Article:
3 Great Reasons to Take Social Security Benefits at 62

Older man squinting at a newspaper and talking on the phone

There's a reason 62 happens to be the most popular age to claim Social Security: It's the earliest age you're allowed to get at those benefits. But while the idea of snagging your cash sooner might seem appealing, you should know that there's one major drawback to filing at 62, and it's that doing so will reduce your monthly benefits -- for life.

Though your Social Security benefits themselves are based on what you earned during your 35 highest years of income, you'll only collect your benefits in full if you wait until full retirement age to claim them. For today's older workers, full retirement age falls somewhere between 66 and 67, and for every year you take benefits early, you lose a percentage of what you'd otherwise collect. That's why it's often a good idea to wait until full retirement age to file for Social Security.

That said, there are certain scenarios where taking benefits at 62 makes sense. Here are some that might apply to you.

1. You're desperate for cash

We just talked about the fact that claiming Social Security early will cause your monthly payments to go down. But what if you reach 62 and suddenly find yourself in a situation where you need money and don't have many options?

It happens more often than you'd think. According to Voya Financial, 60% of Americans wind up retiring earlier than planned, and the reasons run the gamut from poor health to job loss. If you're laid off at 62, for example, and don't have enough savings to cover your living expenses, you're basically looking at two choices: rack up costly credit card debt, or take Social Security early. And of those, the latter is the much better option.

2. You don't need the cash

Just as being desperate for money is a good reason to file for Social Security at 62, the opposite is also true. If you don't need your benefits right away, but rather want the money to supplement what's already a healthy amount of retirement income, then you might as well start collecting Social Security so you can use that cash as you please.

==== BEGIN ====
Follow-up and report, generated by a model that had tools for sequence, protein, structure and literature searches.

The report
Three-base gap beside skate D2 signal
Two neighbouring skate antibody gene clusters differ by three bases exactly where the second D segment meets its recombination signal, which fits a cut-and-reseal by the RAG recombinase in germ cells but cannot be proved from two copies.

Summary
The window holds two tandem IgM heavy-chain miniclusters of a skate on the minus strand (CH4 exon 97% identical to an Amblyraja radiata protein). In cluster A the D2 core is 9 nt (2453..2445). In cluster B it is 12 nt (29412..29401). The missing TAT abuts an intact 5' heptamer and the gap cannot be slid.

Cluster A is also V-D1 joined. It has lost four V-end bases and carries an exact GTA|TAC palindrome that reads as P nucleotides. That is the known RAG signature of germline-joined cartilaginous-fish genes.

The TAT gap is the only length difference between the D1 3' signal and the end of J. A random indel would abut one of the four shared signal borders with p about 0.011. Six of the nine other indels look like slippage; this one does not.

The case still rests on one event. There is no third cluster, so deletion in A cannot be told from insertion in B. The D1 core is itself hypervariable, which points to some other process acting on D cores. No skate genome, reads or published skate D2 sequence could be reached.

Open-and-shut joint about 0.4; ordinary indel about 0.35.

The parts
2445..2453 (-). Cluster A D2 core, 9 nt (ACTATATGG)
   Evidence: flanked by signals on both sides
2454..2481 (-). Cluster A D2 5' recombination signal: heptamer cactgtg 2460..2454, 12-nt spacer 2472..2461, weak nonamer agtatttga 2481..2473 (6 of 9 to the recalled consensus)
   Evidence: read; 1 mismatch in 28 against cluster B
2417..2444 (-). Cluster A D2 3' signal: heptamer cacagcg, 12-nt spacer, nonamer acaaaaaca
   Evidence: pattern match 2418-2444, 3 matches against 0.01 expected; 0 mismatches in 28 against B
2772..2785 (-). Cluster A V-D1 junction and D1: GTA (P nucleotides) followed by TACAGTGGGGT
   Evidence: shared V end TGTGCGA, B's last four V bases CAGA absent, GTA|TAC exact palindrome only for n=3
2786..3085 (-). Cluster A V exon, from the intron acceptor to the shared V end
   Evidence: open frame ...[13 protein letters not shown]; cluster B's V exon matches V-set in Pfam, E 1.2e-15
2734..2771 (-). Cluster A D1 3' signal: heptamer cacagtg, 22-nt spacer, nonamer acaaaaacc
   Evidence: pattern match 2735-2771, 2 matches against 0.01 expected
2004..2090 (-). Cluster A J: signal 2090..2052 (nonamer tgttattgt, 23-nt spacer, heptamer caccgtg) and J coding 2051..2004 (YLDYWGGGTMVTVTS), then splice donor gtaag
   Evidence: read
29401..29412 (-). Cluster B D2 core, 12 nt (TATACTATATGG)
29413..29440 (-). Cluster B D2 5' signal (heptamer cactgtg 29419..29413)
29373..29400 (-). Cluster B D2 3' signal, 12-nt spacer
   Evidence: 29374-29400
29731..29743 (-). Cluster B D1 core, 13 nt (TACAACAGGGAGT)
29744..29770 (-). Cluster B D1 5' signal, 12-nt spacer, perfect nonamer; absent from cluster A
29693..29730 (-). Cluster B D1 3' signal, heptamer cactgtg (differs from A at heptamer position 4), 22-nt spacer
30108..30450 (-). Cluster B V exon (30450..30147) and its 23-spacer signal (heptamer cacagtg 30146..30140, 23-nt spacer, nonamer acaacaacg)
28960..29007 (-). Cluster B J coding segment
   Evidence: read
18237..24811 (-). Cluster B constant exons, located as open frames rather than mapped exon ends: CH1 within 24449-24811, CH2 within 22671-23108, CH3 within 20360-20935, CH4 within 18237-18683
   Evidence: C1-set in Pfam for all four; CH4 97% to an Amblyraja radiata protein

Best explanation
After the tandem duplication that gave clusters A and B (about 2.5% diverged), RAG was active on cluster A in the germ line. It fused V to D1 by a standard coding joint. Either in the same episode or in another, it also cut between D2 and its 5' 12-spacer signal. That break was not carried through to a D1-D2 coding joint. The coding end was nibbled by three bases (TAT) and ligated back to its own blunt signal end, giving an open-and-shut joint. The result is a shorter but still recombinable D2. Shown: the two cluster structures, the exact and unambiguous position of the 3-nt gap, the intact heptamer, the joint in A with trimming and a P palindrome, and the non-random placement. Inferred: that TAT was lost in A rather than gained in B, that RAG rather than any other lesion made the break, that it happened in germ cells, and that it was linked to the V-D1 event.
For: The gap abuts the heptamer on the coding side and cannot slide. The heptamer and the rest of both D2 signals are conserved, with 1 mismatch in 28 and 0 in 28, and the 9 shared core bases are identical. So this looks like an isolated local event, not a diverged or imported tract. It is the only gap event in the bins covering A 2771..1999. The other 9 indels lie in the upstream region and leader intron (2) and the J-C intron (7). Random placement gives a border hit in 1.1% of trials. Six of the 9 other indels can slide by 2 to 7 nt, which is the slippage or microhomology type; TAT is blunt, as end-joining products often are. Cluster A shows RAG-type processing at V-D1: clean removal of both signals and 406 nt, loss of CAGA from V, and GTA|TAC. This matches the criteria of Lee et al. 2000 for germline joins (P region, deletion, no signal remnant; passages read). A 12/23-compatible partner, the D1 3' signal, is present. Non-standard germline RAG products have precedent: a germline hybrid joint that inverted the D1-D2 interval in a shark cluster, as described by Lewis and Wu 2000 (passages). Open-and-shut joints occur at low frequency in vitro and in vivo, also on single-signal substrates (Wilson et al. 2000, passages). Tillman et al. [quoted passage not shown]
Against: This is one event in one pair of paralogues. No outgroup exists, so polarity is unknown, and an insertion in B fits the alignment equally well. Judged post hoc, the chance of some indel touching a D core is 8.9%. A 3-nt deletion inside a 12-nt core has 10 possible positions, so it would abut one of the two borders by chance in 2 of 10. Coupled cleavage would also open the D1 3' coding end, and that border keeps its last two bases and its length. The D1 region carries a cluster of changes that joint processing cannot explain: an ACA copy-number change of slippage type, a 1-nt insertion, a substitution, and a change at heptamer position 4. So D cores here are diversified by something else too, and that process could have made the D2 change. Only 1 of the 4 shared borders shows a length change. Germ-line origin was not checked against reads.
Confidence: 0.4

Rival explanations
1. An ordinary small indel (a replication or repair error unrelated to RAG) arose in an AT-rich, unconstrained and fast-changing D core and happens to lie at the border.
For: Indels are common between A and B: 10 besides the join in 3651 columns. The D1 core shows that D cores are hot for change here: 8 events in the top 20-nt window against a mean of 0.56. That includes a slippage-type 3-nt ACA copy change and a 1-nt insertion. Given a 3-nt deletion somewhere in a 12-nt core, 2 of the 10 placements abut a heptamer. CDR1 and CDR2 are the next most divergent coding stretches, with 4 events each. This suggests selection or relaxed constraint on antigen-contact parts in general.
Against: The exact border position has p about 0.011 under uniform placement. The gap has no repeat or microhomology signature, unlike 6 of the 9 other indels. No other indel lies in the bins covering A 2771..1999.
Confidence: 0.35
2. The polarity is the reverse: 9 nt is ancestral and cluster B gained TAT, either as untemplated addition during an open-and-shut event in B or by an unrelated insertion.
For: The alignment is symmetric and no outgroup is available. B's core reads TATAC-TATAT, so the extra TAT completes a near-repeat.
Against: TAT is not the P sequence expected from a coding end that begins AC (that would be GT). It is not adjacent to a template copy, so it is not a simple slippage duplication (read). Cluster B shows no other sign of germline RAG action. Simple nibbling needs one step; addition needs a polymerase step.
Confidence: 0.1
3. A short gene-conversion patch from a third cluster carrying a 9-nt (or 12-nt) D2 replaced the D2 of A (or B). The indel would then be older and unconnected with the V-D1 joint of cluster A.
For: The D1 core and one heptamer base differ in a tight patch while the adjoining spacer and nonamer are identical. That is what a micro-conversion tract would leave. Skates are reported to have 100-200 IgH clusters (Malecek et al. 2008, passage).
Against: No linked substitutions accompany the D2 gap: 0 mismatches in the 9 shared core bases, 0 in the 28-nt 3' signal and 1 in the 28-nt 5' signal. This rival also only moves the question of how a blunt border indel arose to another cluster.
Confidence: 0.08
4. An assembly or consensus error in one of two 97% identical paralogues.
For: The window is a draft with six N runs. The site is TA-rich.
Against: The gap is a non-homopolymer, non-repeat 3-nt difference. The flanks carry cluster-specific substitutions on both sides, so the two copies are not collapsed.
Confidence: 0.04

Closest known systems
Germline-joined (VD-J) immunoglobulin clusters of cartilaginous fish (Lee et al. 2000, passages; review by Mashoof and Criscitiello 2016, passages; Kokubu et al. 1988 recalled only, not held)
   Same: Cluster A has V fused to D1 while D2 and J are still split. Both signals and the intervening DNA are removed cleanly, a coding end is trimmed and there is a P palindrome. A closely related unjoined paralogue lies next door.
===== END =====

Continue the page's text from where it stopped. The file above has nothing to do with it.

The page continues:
Imagine you retire at 62 with a substantial nest egg -- enough to cover your living costs, but perhaps not quite enough to allow you to jet set around the globe. If taking your benefits early means getting to travel when you're younger, and are apt to have more energy to enjoy it, then it pays to take your money sooner.

3. You don't expect to live a long life

Even though you'll face a reduction in benefits by filing at 62, the interesting thing about Social Security is that it's designed to pay you the same amount in lifetime benefits regardless of when you first file. Think about it: Taking benefits early will reduce each individual payment you collect, but you'll also get more payments in your lifetime, so eventually, things will even out.

There is a catch, however. This formula assumes that you end up living an average life expectancy. Therefore, if your health is poor, and you don't expect to live very long, you'll typically come out ahead by filing for Social Security as soon as you possibly can.

Here's an example. Say your full retirement age is 66, at which point you'd be eligible for $1,500 a month in benefits. If you file for Social Security at 62 instead, you'll knock each monthly payment down to $1,125, but you'll collect 48 more payments than you would by waiting until 66. Now if you happen to live until 78, you'll come out with the exact same total Social Security payout -- $216,000. But if you pass away before 78, you'll end up getting less money in your lifetime.

Of course, in the absence of a crystal ball, it's impossible to say how long each of us will live. But if you have a known medical condition that's likely to shorten your life expectancy, then it pays to file for benefits the moment you become eligible.

Although taking Social Security at 62 means slashing your monthly benefits, it sometimes pays to take that hit and collect your cash sooner. You've earned that income, so you might as well take it in a manner that'll benefit you the most.

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The views and opinions expressed herein are the views and opinions of the author and do not necessarily reflect those of Nasdaq, Inc.

The views and opinions expressed herein are the views and opinions of the author and do not necessarily reflect those of Nasdaq, Inc.

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